Parts of Queensland see heaviest rainfall in 20 years

Parts of Queensland have been hit with the heaviest rainfall in decades, bringing a welcome deluge for outback communities.

In Longreach, central Queensland, locals witnessed the heaviest April rainfall in over 20 years.

“It’s just what we’ve been looking for,” Longreach mayor Tony Rayner said.

An employee at the Australian Age of Dinosaurs Museum near Winton in outback Queensland has captured incredible scenes from the air as a deluge unleashes on the state.

Incredible scenes captured in outback Queensland

“We had our Anzac day in Longreach and it was our first wet Anzac day in 58 years so that shows just how much rain there’s been and how wet it was.”

Felim Hanniffy from the Bureau of Meteorology said heavy rain in parts of central Queensland was particularly unusual.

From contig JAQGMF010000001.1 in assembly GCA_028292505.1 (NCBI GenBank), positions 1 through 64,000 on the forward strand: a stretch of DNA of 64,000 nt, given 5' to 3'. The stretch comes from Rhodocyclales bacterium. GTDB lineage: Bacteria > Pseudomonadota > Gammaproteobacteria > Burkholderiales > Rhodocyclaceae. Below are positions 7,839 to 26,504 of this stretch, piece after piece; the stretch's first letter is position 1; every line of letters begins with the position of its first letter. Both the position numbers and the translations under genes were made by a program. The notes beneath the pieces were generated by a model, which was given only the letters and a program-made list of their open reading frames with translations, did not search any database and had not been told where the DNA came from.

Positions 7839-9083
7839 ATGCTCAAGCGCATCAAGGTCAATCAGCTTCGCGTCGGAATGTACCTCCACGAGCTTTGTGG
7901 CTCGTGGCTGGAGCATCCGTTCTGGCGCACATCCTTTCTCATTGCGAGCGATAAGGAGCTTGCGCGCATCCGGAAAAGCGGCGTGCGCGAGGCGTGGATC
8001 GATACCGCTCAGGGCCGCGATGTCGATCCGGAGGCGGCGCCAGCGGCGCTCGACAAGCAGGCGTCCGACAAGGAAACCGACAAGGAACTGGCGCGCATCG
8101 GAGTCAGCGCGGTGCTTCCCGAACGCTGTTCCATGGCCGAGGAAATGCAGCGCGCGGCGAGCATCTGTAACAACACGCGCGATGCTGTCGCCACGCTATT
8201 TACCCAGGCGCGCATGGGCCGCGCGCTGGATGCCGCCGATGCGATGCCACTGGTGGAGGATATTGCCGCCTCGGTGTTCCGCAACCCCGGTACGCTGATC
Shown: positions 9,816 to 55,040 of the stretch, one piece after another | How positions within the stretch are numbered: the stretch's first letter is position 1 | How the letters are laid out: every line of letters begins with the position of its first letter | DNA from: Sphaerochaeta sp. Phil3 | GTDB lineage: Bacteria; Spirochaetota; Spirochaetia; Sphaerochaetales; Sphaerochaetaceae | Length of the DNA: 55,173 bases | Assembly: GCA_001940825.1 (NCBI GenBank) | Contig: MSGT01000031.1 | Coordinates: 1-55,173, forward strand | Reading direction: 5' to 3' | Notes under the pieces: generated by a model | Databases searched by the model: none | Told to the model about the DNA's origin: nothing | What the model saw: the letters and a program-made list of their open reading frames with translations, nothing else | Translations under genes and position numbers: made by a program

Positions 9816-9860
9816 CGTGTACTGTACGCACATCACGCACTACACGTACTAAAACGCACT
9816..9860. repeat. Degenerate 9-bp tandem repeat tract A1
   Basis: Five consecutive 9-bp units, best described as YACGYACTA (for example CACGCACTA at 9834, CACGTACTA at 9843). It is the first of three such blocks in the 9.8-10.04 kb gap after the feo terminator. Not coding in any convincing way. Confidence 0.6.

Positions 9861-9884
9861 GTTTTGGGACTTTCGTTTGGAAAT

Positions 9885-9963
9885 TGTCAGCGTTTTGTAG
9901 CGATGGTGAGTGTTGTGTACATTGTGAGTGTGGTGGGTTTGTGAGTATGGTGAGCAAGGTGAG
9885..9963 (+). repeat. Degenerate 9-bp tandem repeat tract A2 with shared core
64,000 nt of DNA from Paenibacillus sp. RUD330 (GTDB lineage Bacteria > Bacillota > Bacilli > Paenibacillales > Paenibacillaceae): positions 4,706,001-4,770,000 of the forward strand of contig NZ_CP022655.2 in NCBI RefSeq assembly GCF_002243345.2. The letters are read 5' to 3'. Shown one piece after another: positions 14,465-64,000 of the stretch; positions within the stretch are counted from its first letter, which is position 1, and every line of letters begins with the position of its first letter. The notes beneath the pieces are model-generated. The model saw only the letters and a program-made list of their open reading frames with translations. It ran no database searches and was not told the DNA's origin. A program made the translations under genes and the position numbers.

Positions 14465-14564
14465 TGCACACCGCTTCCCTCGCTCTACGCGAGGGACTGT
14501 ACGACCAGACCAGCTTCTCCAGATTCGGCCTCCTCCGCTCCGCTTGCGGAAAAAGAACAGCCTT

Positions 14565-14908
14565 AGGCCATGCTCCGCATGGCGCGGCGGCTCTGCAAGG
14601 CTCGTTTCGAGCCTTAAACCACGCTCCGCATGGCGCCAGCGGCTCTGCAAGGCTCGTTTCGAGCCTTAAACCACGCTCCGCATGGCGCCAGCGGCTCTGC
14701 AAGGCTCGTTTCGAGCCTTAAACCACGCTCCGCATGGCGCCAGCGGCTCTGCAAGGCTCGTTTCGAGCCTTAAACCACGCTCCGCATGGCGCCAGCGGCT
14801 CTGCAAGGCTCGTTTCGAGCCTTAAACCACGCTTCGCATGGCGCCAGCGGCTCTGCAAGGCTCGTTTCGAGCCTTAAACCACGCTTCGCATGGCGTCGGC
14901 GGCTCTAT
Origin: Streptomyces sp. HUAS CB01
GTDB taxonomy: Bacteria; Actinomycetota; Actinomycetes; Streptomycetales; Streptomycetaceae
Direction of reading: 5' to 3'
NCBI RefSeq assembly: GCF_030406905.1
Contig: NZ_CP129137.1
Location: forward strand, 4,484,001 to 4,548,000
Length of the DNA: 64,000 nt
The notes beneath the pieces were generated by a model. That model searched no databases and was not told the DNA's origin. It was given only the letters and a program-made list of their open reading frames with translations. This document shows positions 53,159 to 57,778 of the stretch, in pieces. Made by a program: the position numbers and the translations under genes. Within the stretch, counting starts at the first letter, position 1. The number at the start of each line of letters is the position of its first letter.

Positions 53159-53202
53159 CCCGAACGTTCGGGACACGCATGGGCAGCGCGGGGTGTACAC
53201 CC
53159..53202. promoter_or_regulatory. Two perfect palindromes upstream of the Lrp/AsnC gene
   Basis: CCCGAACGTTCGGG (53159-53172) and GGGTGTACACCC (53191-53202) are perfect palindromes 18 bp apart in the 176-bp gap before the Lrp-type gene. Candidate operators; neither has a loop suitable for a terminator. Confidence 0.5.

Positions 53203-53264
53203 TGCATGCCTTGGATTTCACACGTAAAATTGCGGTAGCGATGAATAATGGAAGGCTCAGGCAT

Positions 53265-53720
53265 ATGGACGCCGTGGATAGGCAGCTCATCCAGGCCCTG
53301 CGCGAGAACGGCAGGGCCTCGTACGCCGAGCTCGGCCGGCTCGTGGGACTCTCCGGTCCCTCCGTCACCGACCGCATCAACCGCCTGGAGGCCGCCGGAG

Flooding in Winton, outback Queensland. (Trish Sloan)

“For these inland areas, who would normally see for April the monthly average 20 or 30 millimetres to see falls over around 120 to 130 in a 24 hour period – that’s you know three to four times the monthly average,” the meteorologist said.

Heavy rain fall transformed parts of central Queensland, cutting off the Australian Age of Dinosaurs Museum. (Trish Sloan)

“We had more rain over the past three days than we had over our wet season,” employee Trish Sloan said.

In the state’s far north, the Daintree Rainforest received 311 mm in a day.

Further south, Townsville was hit with 176 mm of rain.

“For Townsville it was it’s heaviest April rainfall since 2000,” Mr Hanniffy said.

Temperatures around the state have also been cooler.

Longreach and Biloela was 10C below average yesterday with Cloncurry in central-north Queensland 11 degrees cooler.

In Brisbane, temperatures were five degrees cooler than average, six on the Sunshine Coast and four degrees cooler on the Gold Coast.

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